The U.S. economy continues to heal steadily after the trauma of the global financial crisis. It is generating jobs, fiscal and external deficits are narrowing, inflation has been contained, and disruptive cases of extreme vulnerability (including housing and banks) have been addressed. The patient has been released.

Yet the economy exited the hospital with structural impairments. It can walk but it cannot run.

The country's growth dynamics remain overly tentative, with the latest estimate for the final quarter of 2012 suggesting a mild contraction (though the revised numbers should be a lot better).

Yes, jobs are being created, but not enough to bring unemployment down from its current 7.9 percent to the historically more acceptable level of around 5 percent. Too many people are what's known as "long-term unemployed" - 39 percent of those officially out of work, to be exact. And a growing number of Americans are depending on, and in some cases falling through, the country's overly stretched safety nets.

As hard as it tries, the economy has yet to attain economic escape velocity. As long as it remains bound by this additional gravity, middle- and lower-income households will find it hard to prosper, income and wealth inequality will increase further and the economy will continue to struggle with a combination of persistently sluggish growth, high unemployment and worrisome pockets of poverty and deprivation.

Four issues would help the economy reaching this escape velocity:

1. At the macro level, the economy needs to transition from "supported growth" (which requires ever-more experimental and untested Federal Reserve policies) to "endogenous growth" (powered by more sustainable and less distortive engines).

2. At the sector level, improving the labor market, education, housing finance, credit intermediation, and infrastructure renewal.

3. At the micro level, engendering private sector confidence that would unlock the trillions of dollars in cash that continue to lie idle on balance sheets and in bank's excess reserves.

4. At the financial level, replacing the blunt spending cuts associated with the sequester with a more thoughtful approach, and agreeing on a framework that puts an end to merry-go-round budgetary negotiations that add to uncertainty and further political polarization.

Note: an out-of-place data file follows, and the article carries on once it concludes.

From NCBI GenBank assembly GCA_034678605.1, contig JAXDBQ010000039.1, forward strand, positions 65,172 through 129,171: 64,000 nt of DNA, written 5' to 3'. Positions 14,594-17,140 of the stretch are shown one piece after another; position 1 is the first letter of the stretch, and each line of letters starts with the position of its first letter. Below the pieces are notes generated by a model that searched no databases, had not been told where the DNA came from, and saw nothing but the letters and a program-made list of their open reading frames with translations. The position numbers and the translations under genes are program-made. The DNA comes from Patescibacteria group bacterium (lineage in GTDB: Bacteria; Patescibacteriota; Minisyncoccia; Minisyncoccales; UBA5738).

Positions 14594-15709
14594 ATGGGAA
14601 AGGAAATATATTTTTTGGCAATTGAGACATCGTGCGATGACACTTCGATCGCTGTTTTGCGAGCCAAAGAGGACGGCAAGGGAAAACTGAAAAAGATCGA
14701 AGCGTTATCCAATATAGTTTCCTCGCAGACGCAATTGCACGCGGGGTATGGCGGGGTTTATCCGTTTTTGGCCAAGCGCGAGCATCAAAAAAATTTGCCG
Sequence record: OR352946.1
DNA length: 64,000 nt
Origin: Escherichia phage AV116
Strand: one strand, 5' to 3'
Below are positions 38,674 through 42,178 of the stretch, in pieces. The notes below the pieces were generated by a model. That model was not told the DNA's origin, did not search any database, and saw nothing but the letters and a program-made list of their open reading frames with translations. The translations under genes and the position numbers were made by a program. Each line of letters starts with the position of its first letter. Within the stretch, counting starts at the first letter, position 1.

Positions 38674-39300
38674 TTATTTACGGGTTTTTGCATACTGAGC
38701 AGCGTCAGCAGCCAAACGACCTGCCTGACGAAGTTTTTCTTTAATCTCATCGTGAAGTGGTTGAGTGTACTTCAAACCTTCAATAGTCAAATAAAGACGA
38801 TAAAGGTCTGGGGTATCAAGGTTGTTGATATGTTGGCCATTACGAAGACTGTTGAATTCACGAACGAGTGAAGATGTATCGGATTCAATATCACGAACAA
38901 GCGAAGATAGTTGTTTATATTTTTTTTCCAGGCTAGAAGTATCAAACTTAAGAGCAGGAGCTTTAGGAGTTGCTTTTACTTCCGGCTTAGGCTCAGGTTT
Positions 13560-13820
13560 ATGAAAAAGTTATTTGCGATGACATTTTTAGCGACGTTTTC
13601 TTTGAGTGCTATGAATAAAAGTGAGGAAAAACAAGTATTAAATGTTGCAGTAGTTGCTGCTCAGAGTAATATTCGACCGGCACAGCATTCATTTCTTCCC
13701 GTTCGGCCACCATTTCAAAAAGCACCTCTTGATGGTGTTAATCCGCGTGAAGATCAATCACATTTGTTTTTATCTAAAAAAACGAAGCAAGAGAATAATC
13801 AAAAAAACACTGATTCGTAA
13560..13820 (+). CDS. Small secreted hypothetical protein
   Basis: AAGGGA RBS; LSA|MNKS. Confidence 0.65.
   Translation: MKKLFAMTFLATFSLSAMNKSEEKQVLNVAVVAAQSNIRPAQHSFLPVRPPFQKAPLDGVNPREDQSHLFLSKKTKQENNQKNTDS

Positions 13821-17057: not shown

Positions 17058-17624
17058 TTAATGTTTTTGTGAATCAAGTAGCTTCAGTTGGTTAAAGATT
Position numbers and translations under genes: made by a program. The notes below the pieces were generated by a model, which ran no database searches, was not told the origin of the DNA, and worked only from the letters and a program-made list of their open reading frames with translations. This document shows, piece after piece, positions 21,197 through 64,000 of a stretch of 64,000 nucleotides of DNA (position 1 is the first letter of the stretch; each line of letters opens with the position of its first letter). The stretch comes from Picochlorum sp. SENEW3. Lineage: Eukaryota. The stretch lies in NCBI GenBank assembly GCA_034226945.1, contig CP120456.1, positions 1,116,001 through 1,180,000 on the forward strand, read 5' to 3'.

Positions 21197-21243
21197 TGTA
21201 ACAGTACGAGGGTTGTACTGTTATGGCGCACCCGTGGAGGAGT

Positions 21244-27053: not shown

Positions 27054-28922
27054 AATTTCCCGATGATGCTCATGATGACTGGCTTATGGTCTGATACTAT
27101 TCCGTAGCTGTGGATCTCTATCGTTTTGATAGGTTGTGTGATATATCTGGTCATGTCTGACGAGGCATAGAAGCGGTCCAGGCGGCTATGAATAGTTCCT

President Barack Obama can reset the economic narrative at the very start of his second term. In doing so, he would also help citizens reconcile three emotions that run high in America today: excitement, hope and anxiety.

Many people are excited by how the impressive rally in financial markets has improved their 401(k)s and other investments. They are hopeful that, unlike the last few rounds of ups and downs, this rally will be validated by strengthening fundamentals. But they also remain anxious, worried not only about political dysfunction in Washington but also companies' hesitancy to invest, hire and expand.

America remains in full control of its destiny. Unlike struggling countries in Europe and elsewhere, it does not depend on the goodwill of others. Nor does it face immediate financial vulnerability.

What holds back prosperity today has less to do with traditional economic engineering and more with congressional politics. While economists differ on the details of an optimal policy package, there is little disagreement on the objectives and the need for simultaneous progress on growth-enhancing structural reforms, demand management and medium-term fiscal sustainability.

Dysfunction in Washington has repeatedly derailed sensible economic initiatives. From jobs to housing, many helpful reforms have fallen victim to extreme political polarization and endless election posturing.

Substance has repeatedly given way to trifling tactical maneuvers. Even the most basic economic governance responsibility - that of passing an annual budget - has eluded Congress for four straight years now. The sense of common purpose and the anchor of national unity have been replaced by rancor and pettiness.

Gridlock has undermined for too long the dynamism and entrepreneurship of the largest economy in the world - a logjam that has come at a considerable cost to society. I come to this conclusion as an economist who follows closely data and policy discussions, and as one who is hopeful that good sense and national duty will ultimately prevail on Capitol Hill.

But I am also saying all this as a parent. The longer it takes to shock Congress into a more constructive operational mode, the higher the risk that our children's generation will be worse off than that of their parents.

Mohamed El-Erian is CEO of the investment management firm Pimco and author of "When Markets Collide." He wrote this for Foreign Policy, where he is a contributing editor.


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